• Rheumatoid arthritis. This is a disease in which the synovial membrane that surrounds the joint becomes inflamed and thickened. This chronic inflammation can damage the cartilage and eventually cause cartilage loss, pain, and stiffness. Rheumatoid arthritis is the most common form of a group of disorders termed "inflammatory arthritis."
  • Post-traumatic arthritis. This can follow a serious knee injury. Fractures of the bones surrounding the knee or tears of the knee ligaments may damage the articular cartilage over time, causing knee pain and limiting knee function


Osteoarthritis often results in bone rubbing on bone. Bone spurs are a common feature of this form of arthritis.


Description.

A knee replacement (also called knee arthroplasty) might be more accurately termed a knee "resurfacing" because only the surface of the bones are actually replaced.

There are four basic steps to a knee replacement procedure.

·         Prepare the bone. The damaged cartilage surfaces at the ends of the femur and tibia are removed along with a small amount of underlying bone.

·         Position the metal implants. The removed cartilage and bone is replaced with metal components that recreate the surface of the joint. These metal parts may be cemented or "press-fit" into the bone.

·         Resurface the patella. The undersurface of the patella (kneecap) is cut and resurfaced with a plastic button. Some surgeons do not resurface the patella, depending upon the case.

·         Insert a spacer. A medical-grade plastic spacer is inserted between the metal components to create a smooth gliding surface.

Pic b4 & after + (Left) Severe osteoarthritis. (Right) The arthritic cartilage and underlying bone has been removed and resurfaced with metal implants on the femur and tibia. A plastic spacer has been placed in between the implants. The patellar component is not shown for clarity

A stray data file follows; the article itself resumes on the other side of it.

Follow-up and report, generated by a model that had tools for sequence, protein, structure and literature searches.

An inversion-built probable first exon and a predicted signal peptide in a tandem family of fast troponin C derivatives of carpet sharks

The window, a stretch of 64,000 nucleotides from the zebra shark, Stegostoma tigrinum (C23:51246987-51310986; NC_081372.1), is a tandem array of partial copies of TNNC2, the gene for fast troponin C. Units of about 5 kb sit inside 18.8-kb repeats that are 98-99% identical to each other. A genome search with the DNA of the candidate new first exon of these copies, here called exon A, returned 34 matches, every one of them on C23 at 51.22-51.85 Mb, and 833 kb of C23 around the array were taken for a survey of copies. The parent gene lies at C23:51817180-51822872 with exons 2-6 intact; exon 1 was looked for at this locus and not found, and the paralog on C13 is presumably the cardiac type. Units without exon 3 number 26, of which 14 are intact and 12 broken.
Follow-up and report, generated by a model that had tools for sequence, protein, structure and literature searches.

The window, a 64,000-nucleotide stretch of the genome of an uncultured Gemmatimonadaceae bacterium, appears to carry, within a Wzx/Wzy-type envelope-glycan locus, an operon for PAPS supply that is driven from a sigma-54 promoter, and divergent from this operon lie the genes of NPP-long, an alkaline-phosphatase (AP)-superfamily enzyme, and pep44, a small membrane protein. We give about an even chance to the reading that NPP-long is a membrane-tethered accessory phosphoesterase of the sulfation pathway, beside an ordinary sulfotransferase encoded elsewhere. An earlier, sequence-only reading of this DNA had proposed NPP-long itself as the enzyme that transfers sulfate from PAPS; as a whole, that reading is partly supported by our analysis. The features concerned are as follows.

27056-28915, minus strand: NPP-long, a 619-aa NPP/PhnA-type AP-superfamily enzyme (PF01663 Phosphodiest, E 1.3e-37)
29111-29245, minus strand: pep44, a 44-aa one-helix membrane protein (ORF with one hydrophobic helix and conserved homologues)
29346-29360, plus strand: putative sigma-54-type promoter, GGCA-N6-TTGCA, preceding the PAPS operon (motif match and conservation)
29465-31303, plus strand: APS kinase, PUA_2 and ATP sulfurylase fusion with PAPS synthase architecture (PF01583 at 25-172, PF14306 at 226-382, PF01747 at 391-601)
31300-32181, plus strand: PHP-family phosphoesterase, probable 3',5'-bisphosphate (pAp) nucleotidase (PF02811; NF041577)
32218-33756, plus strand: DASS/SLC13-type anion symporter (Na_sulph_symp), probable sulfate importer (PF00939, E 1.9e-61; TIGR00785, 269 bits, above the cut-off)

Is Total Knee Replacement for You?

The decision to have total knee replacement surgery should be a cooperative one between you, your family, your family physician, and your orthopaedic surgeon. Your physician may refer you to an orthopaedic surgeon for a thorough evaluation to determine if you might benefit from this surgery

When Surgery Is Recommended

There are several reasons why your doctor may recommend knee replacement surgery. People who benefit from total knee replacement often have:

·         Severe knee pain or stiffness that limits your everyday activities, including walking, climbing stairs, and getting in and out of chairs. You may find it hard to walk more than a few blocks without significant pain and you may need to use a cane or walker

·         Moderate or severe knee pain while resting, either day or night

·         Chronic knee inflammation and swelling that does not improve with rest or medications

·         Knee deformity — a bowing in or out of your knee

·         Failure to substantially improve with other treatments such as anti-inflammatory medications, cortisone injections, lubricating injections, physical therapy, or other surgeries